David Clancy, a biogerontologist, studies the biology of aging.
He takes six supplements each day to prevent health issues as he ages.
These include ginkgo biloba, fish oil, and folate.
An aging expert shared the six supplements he takes daily, which he hopes will help him live a long and healthy life.
Most experts agree it's best to get the nutrients you need from food rather than supplements. Still, supplements are helpful if a person is deficient in particular nutrients or if they can't get enough from their diet.
But some people in the antiaging space are willing to throw caution to the wind and supplement with relatively low-risk pills such as vitamin D and rapamycin, a medicine generally used for kidney transplants and some cancers, in the hope they'll boost their longevity while they await concrete evidence.
David Clancy, who's in his 50s and studies the biology of aging at Lancaster University, UK, told Business Insider he takes six supplements — some because of the supposed benefits he's read about in scientific research and others because a blood test identified nutrient deficiencies.
"I take fish oil for fatty acids because I don't like fish," he said. "Taking magnesium and vitamin D makes sense for everyone around my age. The folate and B12 make sense for me to take because of the blood test and the ginkgo — well, why not?"
Here's what to know about the supplements Clancy takes.
Ginkgo biloba is a supplement made from the leaves of the tree of the same name, which contain antioxidants and have long been used in traditional medicine.
There's no conclusive evidence to suggest it can help any health condition, according to the National Center for Complementary and Alternative Medicine.
But Clancy has been taking the supplement for four years, after he saw a small study suggesting it might be useful for modest weight loss in overweight men and another on its potential impact on the cognitive performance of people with dementia.
In Clancy's eyes, it's worth a go because it's widely taken and well tolerated. "It's been taken by lots of people throughout history, so I'm willing to throw the dice and give it a shot because it's not expensive. It can't really hurt," he said.
Ginkgo is thought to be safe in moderate amounts, but side effects can include an upset stomach, headaches, skin reactions, and dizziness.
The omega-3 fatty acids found in fish have been linked to various health benefits, including reducing the risk of cardiovascular disease, improving eye health, easing inflammation, and aiding joint health. But it's unclear whether those benefits come from the omega-3s specifically or from other parts of the fish in combination with them.
One large 2018 study, for instance, found that supplementing with one gram of fish oil a day didn't reduce the average risk of cardiovascular events or cancer in 25,871 participants. But it did appear to lower the risk for those who didn't eat much fish.
Dr. Howard LeWine, the chief medical editor at Harvard Health Publishing, wrote in an article on whether to take fish-oil supplements that "if you don't eat fish or other seafood, you might benefit from a fish oil supplement" but added that "it's more than likely that you need the entire orchestra of fish fats, vitamins, minerals, and supporting molecules" that come from eating fish for the best results.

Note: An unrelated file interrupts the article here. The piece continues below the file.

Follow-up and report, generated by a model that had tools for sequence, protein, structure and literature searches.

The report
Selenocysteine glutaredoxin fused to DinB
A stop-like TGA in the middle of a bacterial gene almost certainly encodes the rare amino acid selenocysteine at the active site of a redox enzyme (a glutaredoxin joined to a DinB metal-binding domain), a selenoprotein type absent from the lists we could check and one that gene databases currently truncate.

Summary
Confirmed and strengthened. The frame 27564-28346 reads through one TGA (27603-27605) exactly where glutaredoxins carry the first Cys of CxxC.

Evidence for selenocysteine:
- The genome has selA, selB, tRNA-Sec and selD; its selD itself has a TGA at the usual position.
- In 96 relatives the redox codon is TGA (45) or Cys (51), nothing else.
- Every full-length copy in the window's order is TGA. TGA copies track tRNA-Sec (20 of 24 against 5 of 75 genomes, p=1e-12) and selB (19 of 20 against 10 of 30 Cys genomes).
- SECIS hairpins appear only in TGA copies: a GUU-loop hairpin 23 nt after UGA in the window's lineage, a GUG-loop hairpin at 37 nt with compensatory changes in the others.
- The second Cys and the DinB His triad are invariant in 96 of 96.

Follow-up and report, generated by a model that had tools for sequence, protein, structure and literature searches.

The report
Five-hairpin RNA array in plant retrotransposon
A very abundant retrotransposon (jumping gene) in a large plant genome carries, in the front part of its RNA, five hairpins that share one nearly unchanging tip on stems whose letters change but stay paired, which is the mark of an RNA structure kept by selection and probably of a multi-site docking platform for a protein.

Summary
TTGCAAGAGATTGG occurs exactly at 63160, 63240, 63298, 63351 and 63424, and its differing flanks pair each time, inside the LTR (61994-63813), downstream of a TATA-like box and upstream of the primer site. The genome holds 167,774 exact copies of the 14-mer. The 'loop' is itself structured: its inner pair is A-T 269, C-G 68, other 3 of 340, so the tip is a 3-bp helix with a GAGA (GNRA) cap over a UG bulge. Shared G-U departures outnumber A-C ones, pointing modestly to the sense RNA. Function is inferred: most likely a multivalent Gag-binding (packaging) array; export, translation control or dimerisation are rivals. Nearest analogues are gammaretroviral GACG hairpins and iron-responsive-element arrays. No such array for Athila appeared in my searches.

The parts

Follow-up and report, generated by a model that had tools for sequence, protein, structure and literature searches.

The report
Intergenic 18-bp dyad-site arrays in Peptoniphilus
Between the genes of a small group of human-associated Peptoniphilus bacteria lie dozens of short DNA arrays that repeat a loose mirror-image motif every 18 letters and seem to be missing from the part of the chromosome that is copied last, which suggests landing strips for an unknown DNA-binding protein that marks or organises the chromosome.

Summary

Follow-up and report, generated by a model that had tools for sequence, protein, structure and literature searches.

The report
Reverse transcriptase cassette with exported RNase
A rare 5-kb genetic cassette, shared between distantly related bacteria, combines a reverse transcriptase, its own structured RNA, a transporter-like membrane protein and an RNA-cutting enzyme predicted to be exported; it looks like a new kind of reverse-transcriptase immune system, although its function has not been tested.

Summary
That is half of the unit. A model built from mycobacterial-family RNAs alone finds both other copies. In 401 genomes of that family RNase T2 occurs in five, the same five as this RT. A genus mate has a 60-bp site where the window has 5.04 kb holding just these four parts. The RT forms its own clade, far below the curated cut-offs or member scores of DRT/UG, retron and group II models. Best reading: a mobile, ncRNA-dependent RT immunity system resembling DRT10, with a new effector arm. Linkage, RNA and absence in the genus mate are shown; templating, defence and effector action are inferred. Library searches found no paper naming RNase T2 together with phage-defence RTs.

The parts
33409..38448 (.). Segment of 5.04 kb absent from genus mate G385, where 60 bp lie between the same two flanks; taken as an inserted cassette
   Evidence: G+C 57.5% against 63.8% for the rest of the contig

Human aging is often associated with a magnesium deficiency, Clancy says, so he takes a supplement in the hope of boosting his longevity and aiding his sleep.
A 2021 review of studies found that although there wasn't much long-term research on the effects of magnesium supplementation on aging and the development of certain diseases, it was possible that maintaining health levels throughout life could prevent chronic inflammation and lengthen the health span.
And a 2022 review of studies found that while magnesium played an essential role in sleep regulation, more research was needed to confirm whether it could improve sleep quality.
Vitamin B12 is a nutrient that helps make DNA and keep blood and nerve cells healthy. It naturally occurs in animal products, such as meat, eggs, and milk.
According to Cleveland Clinic, between 1.5% and 15% of people in the US are deficient in vitamin B12, which can cause weakness or tiredness; weight loss; nausea, vomiting, or diarrhea; yellowish skin; a sore mouth or tongue; and a loss of appetite.
Most people can get all the vitamin B12 they need from food, but taking supplements can be beneficial for people who have trouble absorbing it or who don't get enough in their diets, such as vegetarians or vegans, according to the Office of Dietary Supplements.
Folate, or vitamin B9, is important for cell growth and function, particularly during pregnancy, when it helps to reduce the risk of brain and spine defects. It's found in dark leafy greens, beans, peas, and nuts, as well as fruits such as oranges, bananas, melons, and strawberries.
Although folate deficiency is rare in the US, the Mayo Clinic recommends folic-acid supplements for those whose bodies struggle to absorb it due to poor diets or health conditions, as well as people who are pregnant, breastfeeding, or planning to become pregnant.
Vitamin D is necessary for bone health and strength and also supports the immune and nervous systems. But one in four people in the US are vitamin D deficient, according to the ODS.
Most people get vitamin D when their skin is exposed to the sun because very few foods contain it naturally. But if people don't get enough sun, have darker skin, or are older, they may not get enough from the sun alone, according to the Cleveland Clinic.
A deficiency in the nutrient can cause bone pain, fatigue, and mood changes, as well as muscle weakness, cramping, or aches in adults and rickets in children.
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